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Dem Krebs

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since Jun 17, 2018
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Northern Minnesota
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Recent posts by Dem Krebs

I'm not totally familiar with the rules in Canada (I think you're from Canada), if they're different, but reaction videos are fine to make and you don't owe the original creator money, as long as it falls under fair use.

Now, fair use is a tricky thing, you have to fall into their specified set of rules, which basically means it has to be transformative in nature. You can't just play a video or movie with your face in the corner and call it a reaction. You have to have commentary, critique, parody, something that makes it 'new' content. It's also considered polite to give credit and put the links to the original in the description.

Now, whoever or whatever you're reacting to might not understand fair use themselves, especially if it's more like criticism.

Please, please, please, read YouTube's info on this first though. I am not sure, but I think reactions cannot be monetized, and can even get a channel completely demonetized if you do them often. I don't know if this applies outside of the United States, so please double check for your country and region, if applicable.

I'm not an expert, but I didn't want to leave you without an answer or a place to start double checking your specific needs.
1 month ago
I'm pretty sure the man cup othing is an egg separator.
4 months ago
Did you acclimate them to being outside in the real sun first? It looks to me like sun damage on a tender plant. Since they're planted in the ground, I would provide some shade during the times when the sun is strongest. If it is sun damage, the plant will probably recover, but it will probably lose a lot of the really damaged leaves.

If it is acclimated to being outside, it's probably a pest or disease I'm not familiar with. I hope more people chime in!
I usually let volunteer plants do their thing. My garden usually starts out neat and slowly descends into chaos. Volunteer plants tend to be pretty easy to care for, so I normally let them stay.
1 year ago
Spring won't be here for a while yet. Those cosmos are a beautiful color! The glads are very lovely too, but I'm a sucker for pink flowers in the end.
1 year ago
Summer squash was going to be my pick for easiest, but I have to hand pollinate it which led me to leave it off the list. I totally forgot about runner beans, I grow them every year for the hummingbirds and they always do well, even with a lot of neglect.
Also zone 3 (Minnesota near the Canadian border), and pretty new to growing things like fruits and nuts. I have few established trees, with the exception of one very old apple that I believe is a Haralson and has been here since long before I was. It does phenomenally, even through horrible weather. I've never had a failed crop in zone 3b, regardless of weather.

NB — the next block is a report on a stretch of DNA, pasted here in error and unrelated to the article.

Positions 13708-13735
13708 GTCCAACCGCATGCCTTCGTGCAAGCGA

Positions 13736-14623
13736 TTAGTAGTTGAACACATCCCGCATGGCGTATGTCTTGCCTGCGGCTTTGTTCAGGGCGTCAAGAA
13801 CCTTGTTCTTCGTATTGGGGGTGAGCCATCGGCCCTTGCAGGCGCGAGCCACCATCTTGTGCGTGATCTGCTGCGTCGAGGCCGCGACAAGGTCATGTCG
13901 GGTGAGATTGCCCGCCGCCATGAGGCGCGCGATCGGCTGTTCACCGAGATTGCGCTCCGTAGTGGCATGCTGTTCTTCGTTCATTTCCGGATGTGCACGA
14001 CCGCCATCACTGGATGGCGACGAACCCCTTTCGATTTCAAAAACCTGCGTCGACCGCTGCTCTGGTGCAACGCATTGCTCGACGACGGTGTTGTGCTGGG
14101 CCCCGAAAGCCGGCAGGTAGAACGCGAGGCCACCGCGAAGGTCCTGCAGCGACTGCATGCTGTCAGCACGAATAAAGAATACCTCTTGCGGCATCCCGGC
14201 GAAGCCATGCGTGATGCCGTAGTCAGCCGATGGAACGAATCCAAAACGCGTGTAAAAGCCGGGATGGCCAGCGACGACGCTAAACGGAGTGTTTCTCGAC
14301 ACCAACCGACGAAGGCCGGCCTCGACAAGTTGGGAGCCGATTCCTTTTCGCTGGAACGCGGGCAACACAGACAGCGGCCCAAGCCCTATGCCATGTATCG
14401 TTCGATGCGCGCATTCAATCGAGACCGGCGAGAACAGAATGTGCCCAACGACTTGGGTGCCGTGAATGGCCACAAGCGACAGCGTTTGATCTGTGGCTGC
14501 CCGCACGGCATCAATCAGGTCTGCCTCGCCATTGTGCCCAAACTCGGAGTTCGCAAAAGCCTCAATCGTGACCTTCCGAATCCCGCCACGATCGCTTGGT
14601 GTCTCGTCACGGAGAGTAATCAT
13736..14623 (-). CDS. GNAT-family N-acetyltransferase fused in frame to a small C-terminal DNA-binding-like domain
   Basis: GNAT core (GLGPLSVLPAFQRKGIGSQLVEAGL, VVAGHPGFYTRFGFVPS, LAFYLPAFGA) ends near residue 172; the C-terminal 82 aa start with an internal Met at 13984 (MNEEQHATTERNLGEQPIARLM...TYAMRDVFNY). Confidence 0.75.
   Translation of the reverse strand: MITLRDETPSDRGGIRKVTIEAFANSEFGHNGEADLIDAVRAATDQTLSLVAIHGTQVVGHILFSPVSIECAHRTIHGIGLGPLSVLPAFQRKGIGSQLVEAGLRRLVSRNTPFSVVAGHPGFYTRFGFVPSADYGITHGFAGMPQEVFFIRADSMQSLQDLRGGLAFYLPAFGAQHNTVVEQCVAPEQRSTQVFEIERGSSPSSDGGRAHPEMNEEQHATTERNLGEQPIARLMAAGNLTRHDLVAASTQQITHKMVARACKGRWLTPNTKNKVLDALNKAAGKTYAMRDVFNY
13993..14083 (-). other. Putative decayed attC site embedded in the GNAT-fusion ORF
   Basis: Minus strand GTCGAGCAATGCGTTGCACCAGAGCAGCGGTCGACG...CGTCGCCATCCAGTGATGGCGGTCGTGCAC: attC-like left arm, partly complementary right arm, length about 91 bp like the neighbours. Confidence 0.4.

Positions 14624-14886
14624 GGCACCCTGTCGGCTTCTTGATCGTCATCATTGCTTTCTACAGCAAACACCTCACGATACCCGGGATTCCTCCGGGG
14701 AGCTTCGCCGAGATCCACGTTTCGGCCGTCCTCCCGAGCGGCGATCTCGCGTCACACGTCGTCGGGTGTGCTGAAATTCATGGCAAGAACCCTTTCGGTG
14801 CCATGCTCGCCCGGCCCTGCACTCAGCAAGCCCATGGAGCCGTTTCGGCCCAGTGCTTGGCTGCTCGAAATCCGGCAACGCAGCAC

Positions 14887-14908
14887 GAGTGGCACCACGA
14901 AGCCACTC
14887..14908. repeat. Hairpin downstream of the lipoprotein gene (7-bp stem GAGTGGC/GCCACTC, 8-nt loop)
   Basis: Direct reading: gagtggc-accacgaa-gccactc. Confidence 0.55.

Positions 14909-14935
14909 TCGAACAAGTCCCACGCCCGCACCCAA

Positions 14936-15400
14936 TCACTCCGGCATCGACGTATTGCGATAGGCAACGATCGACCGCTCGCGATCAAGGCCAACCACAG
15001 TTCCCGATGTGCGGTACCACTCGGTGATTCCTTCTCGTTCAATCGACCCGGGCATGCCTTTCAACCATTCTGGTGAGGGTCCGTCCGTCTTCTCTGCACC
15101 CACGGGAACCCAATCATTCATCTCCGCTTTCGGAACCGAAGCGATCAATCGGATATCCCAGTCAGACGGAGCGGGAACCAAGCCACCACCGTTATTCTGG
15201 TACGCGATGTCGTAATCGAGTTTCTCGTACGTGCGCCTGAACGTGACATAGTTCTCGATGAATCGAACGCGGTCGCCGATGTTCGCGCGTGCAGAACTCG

I have other apples but none established enough to recommend yet. The same goes for plums and pears. And the Manchurian apricots.

Other fruits and nuts I grow include:
Hazelbrush (productive, but the squirrels love them)

Red raspberries (wild, and the cultivars Latham, Boyne, and Killarney)

Serviceberries (no known cultivar, but my wild ones have been selected for fruit quality)

Highbush cranberries (I live in a swampy area and these guys love the permanently wet areas)

Blueberries (wild and both low and high bush varieties like Northblue, Chippewa, Superior, and Northcountry)

Wild plums (Canadian wild)

Rhubarb (it's used as a fruit, so it gets included)

Nanking bush cherries

Hansen's bush cherry

Carmine jewel sour cherry ( the nearby orchard also grows Romeo and Juliet varieties with great success)

Chokecherries (and chokeberries, though I didn't currently have any)

Strawberries (I have Honeoye and Sparkle)

Gooseberry (unknown cultivars, but they are green/white and red)

Currants (red and black but unknown cultivars)

That's all I can think of right now, especially this time of year. Other things I am growing but am unsure of their long-term survival are: autumn olive, pink popcorn blueberries, goji berries, black raspberries, and Siberian stone pine)

Other fruits that are in plans to try are mountain ash varieties Rabina and Shipova, Victory quince, elderberries, mulberries, lingonberry, bilberry, and grapes.

1 year ago
I really hate to be another cautionary person, but I want to mention to also check liability laws. If someone drops a jar and it cuts them badly enough to need stitchea, the last thing I want is for you to risk being sued.
I think this is a fantastic idea and I really do hope it works out if you try it!
1 year ago
I'm curious as to the variety of seeds they send. Say, it you get 5 packets of tomatoes, what would you end up with? Would you get different varieties? Sizes? It's really not a lot of money to have them shipped, if you're not picky about the varieties.

Thanks for posting it, I'll mull it over for a few days. Please update the post with what you get once it arrives!
1 year ago
Hmm, it depends in your area, of course, but I find peas to be easiest. Just give them a trellis and they're happy to go until the weather gets too hot. Just so long as you keep them picked, of course.

Peas also have good germination rates and are typically pretty forgiving of poor soil and cold, damp spring weather. They're pretty pest resistant too. I had aphids on them one year, otherwise no bugs bother them here. Just powdery mildew at the end of the season.

Of course, peas will grow from the end of May until usually the end of July for me. This year they went going right through August too, though. I imagine in a hotter place, peas are a right nightmare to time correctly for new gardeners and they wouldn't find them that easy to grow.